Research Topics of the Young Stars & Star Formation group
We perform, analyze, and interpret observations of individual young stars and whole star forming regions at optical, infrared, X-ray, and sub-mm wavelengths. The main areas of research are currently:
Most stars form in large clusters and associations, close to massive OB stars, which affect their environment by ionizing radiation, stellar winds, and, finally, supernova explosions. Studies of the stellar populations and the star formation history in OB associations provide important insights into interactions and feedback effects.
Currently, the largest project in the group is a comprehensive multi-wavelength project to study the young stellar populations in the Carina Nebula. This site of very recent and ongoing massive star formation allows a detailed look at the interaction of the winds and radiation of the numerous very massive young stars with the surrounding molecular clouds. With near-infrared, X-ray, and sub-mm observations we investigate how the feedback from the massive stars disperses remnant clouds at some locations and triggers new generations of stars in other locations.
Another project in this context is a comprehensive investigation of the Upper Scorpius OB Association. Following large multi-object spectroscopic surveys to identify a large and representative sample of low-mass members, our studies of the mass function and the age distribution of the members allowed a detailed reconstruction of the star formation history of this association. The results suggest that the star formation process in Upper Sco was triggered, most likely by the shock-wave of an expanding supernova- and wind-driven superbubble from the nearby Upper Centaurus Lupus association. In a new project (funded in the context of the DFG Priority Program 1573: Physics of the Interstellar Medium), we investigate the effect of the winds and ionizing radiation of the massive stars on the surrounding interstellar medium.
Young stars generally show very strong X-ray emission, hundreds to thousands times stronger than our Sun. A good knowledge of the X-ray properties of young stars is not only of paramount importance for the understanding of the physical mechanisms that lead to the X-ray emission and their relation to the magnetic activity; the X-ray irradiation of protoplanetary disks has also far-reaching implications for the formation of planetary systems and the evolution of protoplanetary atmospheres. Furthermore, since X-ray radiation is much less affected by extinction than optical light, X-ray observations can penetrate up to AV ~ 500 mag into dark clouds and allow a deep look at embedded very young stellar objects (protostars). Since X-ray activity is particularly effective in discriminating young (up to ~ 50 million years old) stars from unrelated, much older fore- and background field stars, X-ray studies are also a very important tool to reveal the stellar populations of star-forming regions.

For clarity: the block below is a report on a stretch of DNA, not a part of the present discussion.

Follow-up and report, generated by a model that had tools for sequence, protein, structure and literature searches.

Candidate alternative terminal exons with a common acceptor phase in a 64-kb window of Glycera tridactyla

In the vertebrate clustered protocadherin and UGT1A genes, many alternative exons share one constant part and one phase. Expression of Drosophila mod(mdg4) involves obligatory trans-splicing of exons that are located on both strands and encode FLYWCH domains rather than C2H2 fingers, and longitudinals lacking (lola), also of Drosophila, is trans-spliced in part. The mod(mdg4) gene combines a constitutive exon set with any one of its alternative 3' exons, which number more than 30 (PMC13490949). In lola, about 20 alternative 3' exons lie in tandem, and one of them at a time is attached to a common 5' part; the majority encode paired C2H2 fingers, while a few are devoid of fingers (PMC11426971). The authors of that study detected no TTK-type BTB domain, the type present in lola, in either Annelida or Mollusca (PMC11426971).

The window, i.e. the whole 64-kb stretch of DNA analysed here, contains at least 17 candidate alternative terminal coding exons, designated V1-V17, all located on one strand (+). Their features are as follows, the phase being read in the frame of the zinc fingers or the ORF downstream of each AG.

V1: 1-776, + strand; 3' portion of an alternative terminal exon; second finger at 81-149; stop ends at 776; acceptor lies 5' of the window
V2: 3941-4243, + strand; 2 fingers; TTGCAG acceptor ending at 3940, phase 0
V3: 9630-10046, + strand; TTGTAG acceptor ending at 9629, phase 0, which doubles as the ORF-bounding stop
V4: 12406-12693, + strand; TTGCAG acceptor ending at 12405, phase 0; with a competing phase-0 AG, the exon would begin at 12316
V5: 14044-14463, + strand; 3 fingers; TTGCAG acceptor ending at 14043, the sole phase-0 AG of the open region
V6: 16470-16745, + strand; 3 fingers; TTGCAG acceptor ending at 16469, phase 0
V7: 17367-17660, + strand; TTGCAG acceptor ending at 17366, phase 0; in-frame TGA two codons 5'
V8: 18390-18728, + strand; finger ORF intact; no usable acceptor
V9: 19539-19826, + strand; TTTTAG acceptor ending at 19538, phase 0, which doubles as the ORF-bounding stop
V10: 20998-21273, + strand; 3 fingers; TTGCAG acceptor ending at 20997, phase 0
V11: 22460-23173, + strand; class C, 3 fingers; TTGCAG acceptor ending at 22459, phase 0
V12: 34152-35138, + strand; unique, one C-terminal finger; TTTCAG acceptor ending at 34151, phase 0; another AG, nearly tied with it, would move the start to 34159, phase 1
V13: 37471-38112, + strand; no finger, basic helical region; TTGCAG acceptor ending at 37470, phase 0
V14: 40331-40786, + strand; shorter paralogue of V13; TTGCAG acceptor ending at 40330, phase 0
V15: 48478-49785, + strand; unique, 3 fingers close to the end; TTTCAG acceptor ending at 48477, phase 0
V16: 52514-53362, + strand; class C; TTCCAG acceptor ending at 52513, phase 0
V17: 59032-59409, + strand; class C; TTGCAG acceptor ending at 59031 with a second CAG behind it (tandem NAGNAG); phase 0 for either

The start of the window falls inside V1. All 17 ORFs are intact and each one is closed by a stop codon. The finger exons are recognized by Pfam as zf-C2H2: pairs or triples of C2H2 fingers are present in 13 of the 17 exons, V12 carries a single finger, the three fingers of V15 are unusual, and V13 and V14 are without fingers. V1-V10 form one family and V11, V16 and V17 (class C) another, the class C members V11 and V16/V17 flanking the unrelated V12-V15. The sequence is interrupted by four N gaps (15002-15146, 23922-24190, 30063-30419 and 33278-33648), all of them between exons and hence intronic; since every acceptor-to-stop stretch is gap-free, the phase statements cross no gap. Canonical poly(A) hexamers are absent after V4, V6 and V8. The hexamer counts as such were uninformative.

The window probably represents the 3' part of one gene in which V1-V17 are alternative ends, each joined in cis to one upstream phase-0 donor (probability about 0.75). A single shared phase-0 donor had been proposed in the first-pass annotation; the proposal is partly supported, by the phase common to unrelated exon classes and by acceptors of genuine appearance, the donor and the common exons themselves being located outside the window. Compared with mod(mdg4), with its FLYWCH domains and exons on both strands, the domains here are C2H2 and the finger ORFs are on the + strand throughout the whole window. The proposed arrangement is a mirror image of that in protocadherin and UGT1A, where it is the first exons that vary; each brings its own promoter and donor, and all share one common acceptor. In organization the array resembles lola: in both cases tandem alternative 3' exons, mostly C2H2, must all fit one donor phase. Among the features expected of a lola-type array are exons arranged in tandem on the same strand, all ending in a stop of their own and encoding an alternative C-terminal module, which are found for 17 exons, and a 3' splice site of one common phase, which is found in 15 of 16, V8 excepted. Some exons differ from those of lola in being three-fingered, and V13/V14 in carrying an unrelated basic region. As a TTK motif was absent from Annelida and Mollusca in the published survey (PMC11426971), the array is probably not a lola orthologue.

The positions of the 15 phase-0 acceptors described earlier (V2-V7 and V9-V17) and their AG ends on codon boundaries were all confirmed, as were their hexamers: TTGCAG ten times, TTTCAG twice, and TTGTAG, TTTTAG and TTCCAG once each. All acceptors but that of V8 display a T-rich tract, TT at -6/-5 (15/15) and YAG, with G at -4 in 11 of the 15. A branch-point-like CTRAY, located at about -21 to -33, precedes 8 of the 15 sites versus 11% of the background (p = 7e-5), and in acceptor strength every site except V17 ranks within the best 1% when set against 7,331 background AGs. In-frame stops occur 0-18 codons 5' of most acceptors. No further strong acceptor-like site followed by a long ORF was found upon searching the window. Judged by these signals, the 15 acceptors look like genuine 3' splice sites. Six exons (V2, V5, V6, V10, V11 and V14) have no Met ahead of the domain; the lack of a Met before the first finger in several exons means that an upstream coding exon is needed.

Some years ago, the Chandra Orion Ultradeep Project (COUP), a unique 10-day long observation of the Orion Nebula Cluster, provided the most comprehensive dataset ever acquired on the X-ray emission of young stars. We also were deeply involved in the Chandra Carina Complex Project that has used 1.5 Megaseconds (17.4 days) Chandra observing time to perform a 1.4 square-degree X-ray survey of the entire Carina complex.
A summary of the high-energy processes in stellar coronae can be found in the proceedings of the conference "Coronae of Stars and Accretion Disks".
The technique of Long-baseline Interferometry combines the light of several telescopes; the ESO VLTI reaches an angular resolution of 0.001 arcsec at 1 micron. This translates to linear dimensions of less than 0.2 AU at the distance of nearby star forming regions. Such observations allow, for the first time, to directly study the formation region of terrestrial planets in proto planetary disks, the way in which protostellar jets and outflows are launched and collimated, and to resolve close multiple systems. The analysis of the interferometric data often requires detailed modeling with numerical radiative transfer simulations.